According to projections by the International Energy Agency, the power sector, dominated by renewables and network infrastructure, and energy efficiency is expected to account for the majority of energy investment over the next 20 years. In these scenarios, coal accounts for only 1-2 per cent of future investment. US$28 trillion is expected to be invested in renewable energy and energy efficiency equipment by 2035, more than coal, oil and gas development combined.

Australia has an estimated economically demonstrated wind and solar resource of 5054 exajoules – this is only 4 per cent of Australia’s total renewable energy resource yet is 75 per cent greater than all of Australia’s coal, gas, oil and uranium resources combined. We’ve already demonstrated how Australia can make the shift to 100% renewable energy. Britain has already done the same as has the US and so have 10 European countries and France.  This list grows each day. Cities and regions around the world have announced transitions to 100% renewable energy – Vancouver, Copenhagen and our own Adelaide, Melbourne Byron and Sydney are amongst dozens in the race to 100% renewables or zero emissions.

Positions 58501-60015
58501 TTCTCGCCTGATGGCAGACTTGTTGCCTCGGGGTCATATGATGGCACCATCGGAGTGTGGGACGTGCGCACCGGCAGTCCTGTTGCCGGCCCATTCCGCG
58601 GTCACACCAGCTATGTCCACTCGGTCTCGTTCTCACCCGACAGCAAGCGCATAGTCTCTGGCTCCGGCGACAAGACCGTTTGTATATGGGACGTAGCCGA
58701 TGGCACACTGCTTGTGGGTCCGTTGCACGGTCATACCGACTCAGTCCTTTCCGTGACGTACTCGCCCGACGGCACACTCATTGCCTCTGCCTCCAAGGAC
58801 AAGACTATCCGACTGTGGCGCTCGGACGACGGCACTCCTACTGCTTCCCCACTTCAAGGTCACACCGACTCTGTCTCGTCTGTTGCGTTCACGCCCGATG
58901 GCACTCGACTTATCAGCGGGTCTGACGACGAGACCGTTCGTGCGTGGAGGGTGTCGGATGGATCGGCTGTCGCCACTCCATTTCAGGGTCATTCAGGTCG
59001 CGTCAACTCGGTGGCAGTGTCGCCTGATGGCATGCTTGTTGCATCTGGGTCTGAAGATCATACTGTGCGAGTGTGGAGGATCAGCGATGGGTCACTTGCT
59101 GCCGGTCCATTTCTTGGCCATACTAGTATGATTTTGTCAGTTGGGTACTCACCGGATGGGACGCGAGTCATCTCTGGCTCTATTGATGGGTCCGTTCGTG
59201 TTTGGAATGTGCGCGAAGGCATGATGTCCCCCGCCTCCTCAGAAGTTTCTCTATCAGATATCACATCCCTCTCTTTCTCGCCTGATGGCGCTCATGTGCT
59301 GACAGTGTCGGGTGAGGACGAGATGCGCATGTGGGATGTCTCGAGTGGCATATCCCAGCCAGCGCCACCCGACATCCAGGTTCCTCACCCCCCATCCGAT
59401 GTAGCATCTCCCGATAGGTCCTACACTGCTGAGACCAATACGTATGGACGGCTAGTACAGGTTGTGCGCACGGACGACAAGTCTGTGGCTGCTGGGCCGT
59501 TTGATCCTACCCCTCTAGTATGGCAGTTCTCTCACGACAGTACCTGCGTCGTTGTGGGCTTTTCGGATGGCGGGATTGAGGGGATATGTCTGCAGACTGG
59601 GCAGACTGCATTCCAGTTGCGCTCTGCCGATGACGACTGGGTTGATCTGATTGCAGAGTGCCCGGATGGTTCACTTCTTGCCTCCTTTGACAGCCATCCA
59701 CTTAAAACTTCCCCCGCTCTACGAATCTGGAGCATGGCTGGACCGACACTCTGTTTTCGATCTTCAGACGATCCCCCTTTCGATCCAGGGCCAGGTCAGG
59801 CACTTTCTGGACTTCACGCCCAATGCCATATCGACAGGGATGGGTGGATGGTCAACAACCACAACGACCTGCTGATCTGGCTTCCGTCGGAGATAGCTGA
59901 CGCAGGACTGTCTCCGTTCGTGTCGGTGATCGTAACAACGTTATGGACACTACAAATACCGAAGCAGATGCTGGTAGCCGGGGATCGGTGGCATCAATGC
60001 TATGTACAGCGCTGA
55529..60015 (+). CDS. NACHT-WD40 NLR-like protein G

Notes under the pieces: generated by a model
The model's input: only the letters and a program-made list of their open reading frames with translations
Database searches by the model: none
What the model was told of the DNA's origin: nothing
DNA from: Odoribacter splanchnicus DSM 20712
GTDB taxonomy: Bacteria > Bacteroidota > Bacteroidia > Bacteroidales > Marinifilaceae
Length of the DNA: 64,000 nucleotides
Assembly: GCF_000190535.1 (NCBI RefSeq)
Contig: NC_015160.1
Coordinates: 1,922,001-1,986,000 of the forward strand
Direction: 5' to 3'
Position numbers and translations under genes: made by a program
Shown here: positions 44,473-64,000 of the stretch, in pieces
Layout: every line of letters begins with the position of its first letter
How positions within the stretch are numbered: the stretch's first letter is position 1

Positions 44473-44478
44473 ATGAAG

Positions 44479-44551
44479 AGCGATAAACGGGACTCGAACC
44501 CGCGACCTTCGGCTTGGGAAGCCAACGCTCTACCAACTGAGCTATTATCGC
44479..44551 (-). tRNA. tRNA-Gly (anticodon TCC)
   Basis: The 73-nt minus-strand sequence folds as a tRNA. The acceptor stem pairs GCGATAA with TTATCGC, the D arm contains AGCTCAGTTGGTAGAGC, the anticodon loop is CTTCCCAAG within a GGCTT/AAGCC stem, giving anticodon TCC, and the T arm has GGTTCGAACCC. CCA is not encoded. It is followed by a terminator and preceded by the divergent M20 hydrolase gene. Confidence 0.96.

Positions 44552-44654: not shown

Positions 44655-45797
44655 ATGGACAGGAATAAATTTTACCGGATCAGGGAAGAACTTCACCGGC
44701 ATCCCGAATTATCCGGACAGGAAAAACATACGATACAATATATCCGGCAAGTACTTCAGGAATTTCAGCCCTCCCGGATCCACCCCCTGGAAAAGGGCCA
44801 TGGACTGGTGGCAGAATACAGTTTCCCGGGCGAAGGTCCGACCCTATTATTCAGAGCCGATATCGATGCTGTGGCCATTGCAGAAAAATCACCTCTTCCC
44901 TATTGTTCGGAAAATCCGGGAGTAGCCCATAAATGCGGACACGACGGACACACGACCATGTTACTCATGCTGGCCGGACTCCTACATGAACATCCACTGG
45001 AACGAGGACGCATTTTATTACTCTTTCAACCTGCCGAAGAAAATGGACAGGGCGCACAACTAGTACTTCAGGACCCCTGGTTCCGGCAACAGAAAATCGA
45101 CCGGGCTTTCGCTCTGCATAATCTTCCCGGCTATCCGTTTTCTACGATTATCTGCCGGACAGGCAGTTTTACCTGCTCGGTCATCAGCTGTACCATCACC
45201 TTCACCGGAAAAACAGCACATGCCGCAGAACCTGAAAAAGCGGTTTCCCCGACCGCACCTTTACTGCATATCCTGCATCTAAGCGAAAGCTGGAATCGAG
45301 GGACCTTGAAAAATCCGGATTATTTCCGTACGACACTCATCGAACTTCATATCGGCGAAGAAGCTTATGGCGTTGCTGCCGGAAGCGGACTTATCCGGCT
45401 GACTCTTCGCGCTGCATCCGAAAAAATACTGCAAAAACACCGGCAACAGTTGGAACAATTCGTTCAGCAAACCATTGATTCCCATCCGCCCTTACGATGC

There are other advantages for Australia in this transition. The economic risks in staying attached to fossil fuels are only increasing. There is an obvious and disappearing fossil energy advantage as the world decarbonises. Indications are of a strong slowdown, including for Australian coal – China has reduced its coal consumption by 2 per cent over  the past year and a half and coal imports are down by 35 per cent year on year. China has declared no new coal mines will be opened, while India has announced it will stop all coal imports within 3yrs. Japan and South Korea have announced aggressive renewable energy targets. These 4 countries alone represent over 90 per cent of Australian coal exports. Australia risks a $100 billion hole in its budget by 2030 with the changes already underway.